Jackie. Alan & Lou. Joltin’ Joe. Yogi & Gary. Josh & Double Duty.
October 5th, 1947. There are not many things better in Baseball than a well executed takeout slide at Second Base. Jackie Robinson shows Phil Rizzuto how it’s done during game 6 of the 1947 World Series.
If you wanna talk about great double play combos in Baseball history you can not leave out Alan Trammel and “Sweet” Lou Whitaker of the Detroit Tigers. For 19 seasons this duo wore the Tiger orange with pride and held down the Detroit infield like it was no one else’s buisness. Unfortunately they often get overlooked in the grand scheme of things but it seems like in the last couple years I have heard more writers and Baseball people giving them much deserved credit for their acomplishments.
An interesting article that you should read is “Why Alan Trammel and Lou Whitaker Deserve to be in the Hall of Fame” which was written in 2009 and published by the Bleacher Report. I may not agree with the title of the article (and it seems like the author doesn’t either completely) but you can not argue with some of the numbers these studs put up year in and year out.
San Francisco Seals Manager Ike Caveney introduces the newest member of the team to local sports writers: a 17 year old named Joe DiMaggio. What were you doing when you were 17 years old?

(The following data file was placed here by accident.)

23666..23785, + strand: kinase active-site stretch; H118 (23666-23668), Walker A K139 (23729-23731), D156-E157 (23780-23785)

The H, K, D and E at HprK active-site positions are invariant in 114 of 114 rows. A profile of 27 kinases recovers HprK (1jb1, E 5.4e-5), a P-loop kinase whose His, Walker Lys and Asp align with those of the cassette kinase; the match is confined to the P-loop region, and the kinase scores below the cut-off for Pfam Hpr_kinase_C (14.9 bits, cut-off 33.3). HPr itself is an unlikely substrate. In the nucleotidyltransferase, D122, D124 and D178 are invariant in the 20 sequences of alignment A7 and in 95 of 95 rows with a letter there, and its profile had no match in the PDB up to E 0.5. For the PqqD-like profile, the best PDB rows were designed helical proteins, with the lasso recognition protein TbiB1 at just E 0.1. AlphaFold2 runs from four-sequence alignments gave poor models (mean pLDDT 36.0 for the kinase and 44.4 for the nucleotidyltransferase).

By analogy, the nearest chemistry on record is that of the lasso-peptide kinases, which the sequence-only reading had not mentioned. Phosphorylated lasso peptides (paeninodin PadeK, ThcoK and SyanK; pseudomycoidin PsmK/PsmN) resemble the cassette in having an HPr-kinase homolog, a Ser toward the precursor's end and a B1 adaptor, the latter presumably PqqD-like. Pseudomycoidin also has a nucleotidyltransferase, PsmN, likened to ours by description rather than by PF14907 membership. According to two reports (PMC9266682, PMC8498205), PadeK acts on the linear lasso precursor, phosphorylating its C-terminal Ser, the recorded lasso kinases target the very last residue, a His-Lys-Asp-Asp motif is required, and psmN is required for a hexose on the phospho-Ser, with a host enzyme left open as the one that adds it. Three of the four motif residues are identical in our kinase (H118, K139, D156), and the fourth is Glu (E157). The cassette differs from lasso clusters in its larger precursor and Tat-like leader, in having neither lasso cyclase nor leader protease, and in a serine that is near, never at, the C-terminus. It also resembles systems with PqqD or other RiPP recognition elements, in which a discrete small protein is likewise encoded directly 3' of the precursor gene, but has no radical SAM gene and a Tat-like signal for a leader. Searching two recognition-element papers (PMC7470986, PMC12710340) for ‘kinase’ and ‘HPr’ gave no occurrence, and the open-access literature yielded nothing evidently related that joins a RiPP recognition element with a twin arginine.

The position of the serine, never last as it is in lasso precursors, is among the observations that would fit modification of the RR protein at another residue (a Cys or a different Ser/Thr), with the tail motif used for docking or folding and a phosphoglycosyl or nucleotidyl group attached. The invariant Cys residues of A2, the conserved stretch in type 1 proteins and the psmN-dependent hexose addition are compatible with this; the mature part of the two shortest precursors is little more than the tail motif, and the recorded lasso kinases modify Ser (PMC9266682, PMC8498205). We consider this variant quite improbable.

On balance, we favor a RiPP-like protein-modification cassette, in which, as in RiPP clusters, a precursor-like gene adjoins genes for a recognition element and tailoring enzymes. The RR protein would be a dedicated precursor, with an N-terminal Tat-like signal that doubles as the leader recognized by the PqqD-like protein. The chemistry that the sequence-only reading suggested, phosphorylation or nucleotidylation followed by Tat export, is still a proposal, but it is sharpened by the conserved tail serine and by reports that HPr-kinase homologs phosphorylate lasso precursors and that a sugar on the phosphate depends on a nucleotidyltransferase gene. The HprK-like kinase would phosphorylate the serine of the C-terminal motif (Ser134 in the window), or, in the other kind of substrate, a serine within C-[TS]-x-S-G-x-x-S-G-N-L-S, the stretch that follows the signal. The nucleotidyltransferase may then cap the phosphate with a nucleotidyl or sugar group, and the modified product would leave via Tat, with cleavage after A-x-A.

September 28th, 2008. To celebrate the last regular season game at Shea Stadium, the Mets organization brought out members of the team from the past. I came across this photo of these Hall of Famers and fell in love with it. Former Mets Manager & Catcher Yogi Berra along with another former Mets Catcher, Gary Carter. I didn’t realize until after finding this photo that both men wore #8 for the Mets, kinda cool.
August 13th, 1944 at the Negro League East vs West All-Star Game in Chicago, Illinois. In my last post I mentioned that Roberto Clemente was one of my “Time Machine Players” as in, if I had a time machine I would make it a point to go back and see him play. Well, if I could go back and see ANY event in Baseball history it would be to go back and see one of the Negro League East vs West games. How the players played the game in the Negro Leagues was unreal and to see the All-Stars showcase this to a packed house at Comiskey Park almost makes me hurt inside when I think that I was not able to witness this with my own eyes. This photo captures it perfectly as Josh Gibson of the Homestead Grays slides into home safely behind Catcher Ted “Double Duty” Radcliffe of the Chicago American Giants. The West defeated the East, 7-4 that day.
I think this is one of the coolest photos I have ever come across and added to 90 feet of perfection, I gotta admit what I love the most about this is the fact that Ted Radcliffe is the Catcher. I recently started doing some research on Radcliffe, who was the self proclaimed “Greatest Baseball Player of All-Time” and I got to admit, he may not have been all that far off. The dude could play ball, go ahead and read his wiki page HERE and be amazed by his life in Baseball. I recently ordered his Autobiography entitled “Ted ‘Double Duty’ Radcliffe: 36 years of Pitching & Catching in Baseball’s Negro Leagues,” so expect a book review soon on this.